www.citigroup.com



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16

About the 2019 Annual Meeting

Q: Who is soliciting my vote?
A: The Board of Directors of Citigroup Inc. is soliciting your vote at the 2019 Annual Meeting of Citi’s stockholders.
   
Q: Where and when will the 2019 Annual Meeting take place?
A: The Annual Meeting is scheduled to begin at 9:00 a.m. on April 16, 2019 at Citi’s Headquarters, 388 Greenwich Street, New York, New York. Directions to the 2019 Annual Meeting location are provided on page 126 of this Proxy Statement. Live audio of the 2019 Annual Meeting will be webcast at www.citigroup.com.
   
Q: Why did I receive a one-page Notice in the mail regarding the Internet availability of proxy materials this year instead of a full set of proxy materials?
A: Pursuant to rules adopted by the Securities and Exchange Commission (SEC), we have elected to mail to many of our stockholders a Notice of Internet Availability of the Proxy Materials (Notice) instead of a paper copy of the proxy materials. All stockholders receiving the Notice will have the ability to access the proxy materials over the Internet and receive a paper copy of the proxy materials by mail on request. Instructions on how to access the proxy materials over the Internet or to request a paper copy may be found in the Notice. In addition, the Notice contains instructions on how you may access proxy materials in printed form by mail or electronically on an ongoing basis. This process has allowed us to expedite our stockholders’ receipt of proxy materials, lower the costs of distribution, and reduce the environmental impact of our 2019 Annual Meeting.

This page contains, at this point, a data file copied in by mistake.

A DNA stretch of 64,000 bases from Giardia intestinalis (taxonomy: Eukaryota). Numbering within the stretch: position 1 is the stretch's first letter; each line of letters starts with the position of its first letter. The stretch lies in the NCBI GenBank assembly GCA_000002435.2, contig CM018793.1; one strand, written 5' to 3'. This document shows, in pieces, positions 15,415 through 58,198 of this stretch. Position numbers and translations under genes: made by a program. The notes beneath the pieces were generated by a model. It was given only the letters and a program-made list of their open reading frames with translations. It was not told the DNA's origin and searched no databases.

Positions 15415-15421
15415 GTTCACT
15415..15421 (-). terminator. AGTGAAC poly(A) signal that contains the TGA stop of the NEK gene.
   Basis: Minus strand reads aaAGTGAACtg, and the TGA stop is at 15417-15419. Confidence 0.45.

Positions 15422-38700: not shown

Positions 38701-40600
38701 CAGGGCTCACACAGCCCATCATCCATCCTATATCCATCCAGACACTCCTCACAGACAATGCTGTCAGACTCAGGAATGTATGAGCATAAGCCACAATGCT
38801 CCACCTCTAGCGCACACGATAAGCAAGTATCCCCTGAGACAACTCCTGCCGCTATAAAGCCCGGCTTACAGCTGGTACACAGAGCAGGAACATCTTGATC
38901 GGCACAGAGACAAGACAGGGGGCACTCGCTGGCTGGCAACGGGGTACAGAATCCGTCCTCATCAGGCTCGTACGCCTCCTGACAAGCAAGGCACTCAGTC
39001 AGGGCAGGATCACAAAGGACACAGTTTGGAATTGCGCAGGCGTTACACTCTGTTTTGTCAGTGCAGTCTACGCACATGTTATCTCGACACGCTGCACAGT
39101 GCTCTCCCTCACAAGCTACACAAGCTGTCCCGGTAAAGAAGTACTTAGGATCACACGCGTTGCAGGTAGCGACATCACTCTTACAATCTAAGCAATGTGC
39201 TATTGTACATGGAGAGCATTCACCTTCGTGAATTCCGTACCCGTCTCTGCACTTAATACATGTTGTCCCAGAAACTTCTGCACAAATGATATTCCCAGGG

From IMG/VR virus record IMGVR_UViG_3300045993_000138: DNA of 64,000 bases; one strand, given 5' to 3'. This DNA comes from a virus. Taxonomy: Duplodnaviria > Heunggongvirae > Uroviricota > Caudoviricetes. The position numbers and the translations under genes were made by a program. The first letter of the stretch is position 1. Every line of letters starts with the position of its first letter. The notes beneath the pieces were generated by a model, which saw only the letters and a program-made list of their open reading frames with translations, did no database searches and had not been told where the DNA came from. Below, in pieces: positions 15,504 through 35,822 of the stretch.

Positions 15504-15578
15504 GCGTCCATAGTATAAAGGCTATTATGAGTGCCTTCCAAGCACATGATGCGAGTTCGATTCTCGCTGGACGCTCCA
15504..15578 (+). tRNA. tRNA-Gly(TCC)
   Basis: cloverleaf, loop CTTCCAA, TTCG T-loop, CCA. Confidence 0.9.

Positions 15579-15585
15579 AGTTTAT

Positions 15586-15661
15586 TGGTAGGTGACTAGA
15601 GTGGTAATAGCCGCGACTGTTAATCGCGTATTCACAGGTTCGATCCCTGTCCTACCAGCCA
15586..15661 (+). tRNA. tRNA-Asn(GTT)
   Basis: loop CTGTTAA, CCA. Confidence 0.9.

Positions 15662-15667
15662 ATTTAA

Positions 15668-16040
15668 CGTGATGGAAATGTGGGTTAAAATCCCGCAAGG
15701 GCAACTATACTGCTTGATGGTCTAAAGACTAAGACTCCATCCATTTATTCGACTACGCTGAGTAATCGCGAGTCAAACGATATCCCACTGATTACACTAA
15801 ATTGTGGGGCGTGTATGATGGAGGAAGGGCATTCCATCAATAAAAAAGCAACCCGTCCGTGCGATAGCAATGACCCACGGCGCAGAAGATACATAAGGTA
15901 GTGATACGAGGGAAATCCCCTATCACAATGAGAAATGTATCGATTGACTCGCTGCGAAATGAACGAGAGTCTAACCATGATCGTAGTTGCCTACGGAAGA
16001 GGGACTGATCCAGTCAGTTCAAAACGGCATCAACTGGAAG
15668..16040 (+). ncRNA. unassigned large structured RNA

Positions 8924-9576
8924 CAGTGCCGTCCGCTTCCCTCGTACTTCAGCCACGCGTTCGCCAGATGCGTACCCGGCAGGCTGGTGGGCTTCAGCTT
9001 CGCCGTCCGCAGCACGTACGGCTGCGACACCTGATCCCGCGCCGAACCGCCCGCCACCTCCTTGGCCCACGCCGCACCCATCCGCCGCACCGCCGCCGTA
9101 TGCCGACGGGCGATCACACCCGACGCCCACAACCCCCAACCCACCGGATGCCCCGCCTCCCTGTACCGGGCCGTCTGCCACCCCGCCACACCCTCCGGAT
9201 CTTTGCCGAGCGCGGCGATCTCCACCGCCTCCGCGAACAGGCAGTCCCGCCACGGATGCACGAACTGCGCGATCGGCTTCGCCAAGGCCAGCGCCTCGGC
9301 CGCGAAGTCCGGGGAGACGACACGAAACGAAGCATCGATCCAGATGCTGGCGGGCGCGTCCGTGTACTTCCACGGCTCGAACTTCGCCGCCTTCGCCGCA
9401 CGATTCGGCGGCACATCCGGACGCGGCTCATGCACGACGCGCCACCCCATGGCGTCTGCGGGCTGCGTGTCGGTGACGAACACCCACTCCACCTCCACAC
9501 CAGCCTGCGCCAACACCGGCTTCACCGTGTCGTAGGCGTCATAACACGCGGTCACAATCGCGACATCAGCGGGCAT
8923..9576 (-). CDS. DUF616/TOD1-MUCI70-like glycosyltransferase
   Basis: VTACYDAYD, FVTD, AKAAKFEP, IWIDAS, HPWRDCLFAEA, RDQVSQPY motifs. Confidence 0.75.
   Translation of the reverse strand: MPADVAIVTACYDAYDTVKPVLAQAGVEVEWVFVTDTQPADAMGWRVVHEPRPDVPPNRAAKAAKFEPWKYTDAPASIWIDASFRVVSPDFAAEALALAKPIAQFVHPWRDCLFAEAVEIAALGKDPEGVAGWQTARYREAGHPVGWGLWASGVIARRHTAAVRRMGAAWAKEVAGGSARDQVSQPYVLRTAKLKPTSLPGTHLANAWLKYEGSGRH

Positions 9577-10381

Q: Why didn’t I receive a Notice in the mail about the Internet availability of the proxy materials?
A: We are providing some of our stockholders, including stockholders who have previously asked to receive paper copies of the proxy materials and some of our stockholders who are living outside of the United States, with paper copies of the proxy materials instead of a Notice. In addition, we are providing a Notice by e-mail to those stockholders who have previously elected delivery of the proxy materials electronically. Those stockholders should have received an e-mail containing a link to the website where those materials are available and a link to the proxy voting website.
   
Q: How can I access Citi’s proxy materials and Annual Report electronically?
A: